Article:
I think people love the music, and the show aims to give people that Michael Jackson feeling. The fans of Michael Jackson can come to the show and feel that essence of what he was about. A lot of people come back again and again. Then there are lots of people that want to go for a good night out. In both cases I think Thriller delivers that.

How does your music background fit in with the show?

The way that this particular production is done, it is quite like a concert. In fact, it is more a concert show than a stage play, so my background as a singer fits in quite nicely. We are encouraged to perform and have our own personality, not to really try to copy Michael Jackson but be ourselves. The dance element was completely new to me. When I got the part my sister warned me that I would have to dance, but I had no idea. The producers kept saying it would be fine so I guess they had more confidence in me. Over the years I have grown into the dancer they wanted, I think – I got there eventually.

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What other kind of work have you done in your career?

I like having the balance between different types of jobs. I have released an album as a solo artist, as well as doing Thriller and touring with other artists. I find that quite refreshing. I’ll go from singing with Thriller to being on tour with Blur, go back to Thriller and then tour with Emeli Sande. I have done really contrasting jobs in that respect and I appreciate the different disciplines. On a conventional music stage there is quite a lot of improvisation and you are encouraged to pull out new creative aspects, but with Thriller it is quite disciplined. It is good to go back and forth.

Has working in theatre influenced other parts of your career?

As well as singing and dancing, I do a lot of narration in the show. In that regard it helps me engage with the audience and speak to them. In my own shows it has built that confidence to address my audience and give some information about myself, or just speak to them. That has been really helpful.

Would you like perform in other stage shows in the future?

I have always looked up to singers, like Michael Jackson, that really perform their music. I never thought of myself as a theatre performer and when the Thriller production came around it was something very new to me – I didn’t know what to expect. Now that I have done this, it has opened my eyes to the possibility of doing more theatre. I have definitely learnt a thing or two from this.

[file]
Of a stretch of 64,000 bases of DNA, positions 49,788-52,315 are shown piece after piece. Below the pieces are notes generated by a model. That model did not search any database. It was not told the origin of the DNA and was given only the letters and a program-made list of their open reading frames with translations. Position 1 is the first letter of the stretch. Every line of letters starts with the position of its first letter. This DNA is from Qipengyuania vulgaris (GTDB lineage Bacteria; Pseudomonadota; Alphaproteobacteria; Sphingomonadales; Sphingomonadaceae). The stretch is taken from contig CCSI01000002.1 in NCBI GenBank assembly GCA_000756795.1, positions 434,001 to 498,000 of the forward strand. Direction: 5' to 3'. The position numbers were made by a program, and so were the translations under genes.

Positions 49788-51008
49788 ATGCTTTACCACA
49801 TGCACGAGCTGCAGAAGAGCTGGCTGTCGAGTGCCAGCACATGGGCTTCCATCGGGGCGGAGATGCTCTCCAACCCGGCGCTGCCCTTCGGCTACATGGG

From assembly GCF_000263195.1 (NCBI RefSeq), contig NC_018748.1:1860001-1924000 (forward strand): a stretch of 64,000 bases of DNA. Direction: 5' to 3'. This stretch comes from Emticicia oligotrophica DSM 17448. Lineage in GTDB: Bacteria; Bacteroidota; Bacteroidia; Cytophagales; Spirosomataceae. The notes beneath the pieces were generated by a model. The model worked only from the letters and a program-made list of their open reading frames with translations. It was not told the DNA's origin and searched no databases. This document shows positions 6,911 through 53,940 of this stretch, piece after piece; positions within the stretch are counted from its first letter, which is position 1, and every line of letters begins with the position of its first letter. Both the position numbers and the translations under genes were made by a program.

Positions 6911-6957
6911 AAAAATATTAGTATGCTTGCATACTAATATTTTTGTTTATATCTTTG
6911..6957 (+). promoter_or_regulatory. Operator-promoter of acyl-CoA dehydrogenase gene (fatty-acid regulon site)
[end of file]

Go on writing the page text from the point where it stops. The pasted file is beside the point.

Thriller Live is running at the Lyric Theatre. The album, Invitation, is available now.

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What Jennifer Batten Learned From Michael Jackson

Sources: Guitar Girl Magazine | All Things Michael

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As some of you may already know, famed guitarist Jennifer Batten will be hitting the road in her motor home starting in July to conduct a series of seminars entitled “Self-Enpowerment for the Modern Music Experience.

In a recent interview with Guitar Girl Magazine, Jennifer provides details about the tour and a few things she has learned from working with Michael Jackson.  To read the entire article, please click on the link at the end of the page.

You are holding three-and-a-half-hour sessions for people with seven-second attention spans. How do you keep them, and yourselves, interested and engaged?

One takeaway from working with Michael Jackson was the entertainment value. For him, the music was the foundation and he built from that. He added the “wow” factor on top of it. Being aware of the attention spans, and my own attention span being short because I’ve got just as many gadgets as everybody else, I’m pulling out all the stops as far as trying to get information across in an entertaining way. Some of the videos are only 10 or 30 seconds long, to take your attention outside of this zone and put it in another one for just a second. By having the point driven home several different ways, it pounds it into your head more. The most dry thing I can think of is having sentences on a PowerPoint and reading them to the class. My sister has been in the corporate world forever, and when I told her that I was getting into PowerPoint, the first thing she said was, “Whatever you do, do not read what’s on the screen.” And in fact I don’t have anything written on the screen. It’s JPEGs or entertaining videos or something hitting them at all times. I worked for Cirque du Soleil for six months, and their whole thing is constantly overloading you with imagery. You can see the same show three times and get three different shows, if you focus on different things. That’s how I intend to keep the attention spans. Having Jesse as my co-host also means there’s a different person to listen to. So every 15 to 20 minutes there’s something brand new, and within those chunks there will be as much entertainment as I can muster.

One of your topics is monetization. How do you approach this when we live in a world where many people believe that anyone working in a creative field should work for free, that creating is not work, and that if you love something, getting paid for it should not matter?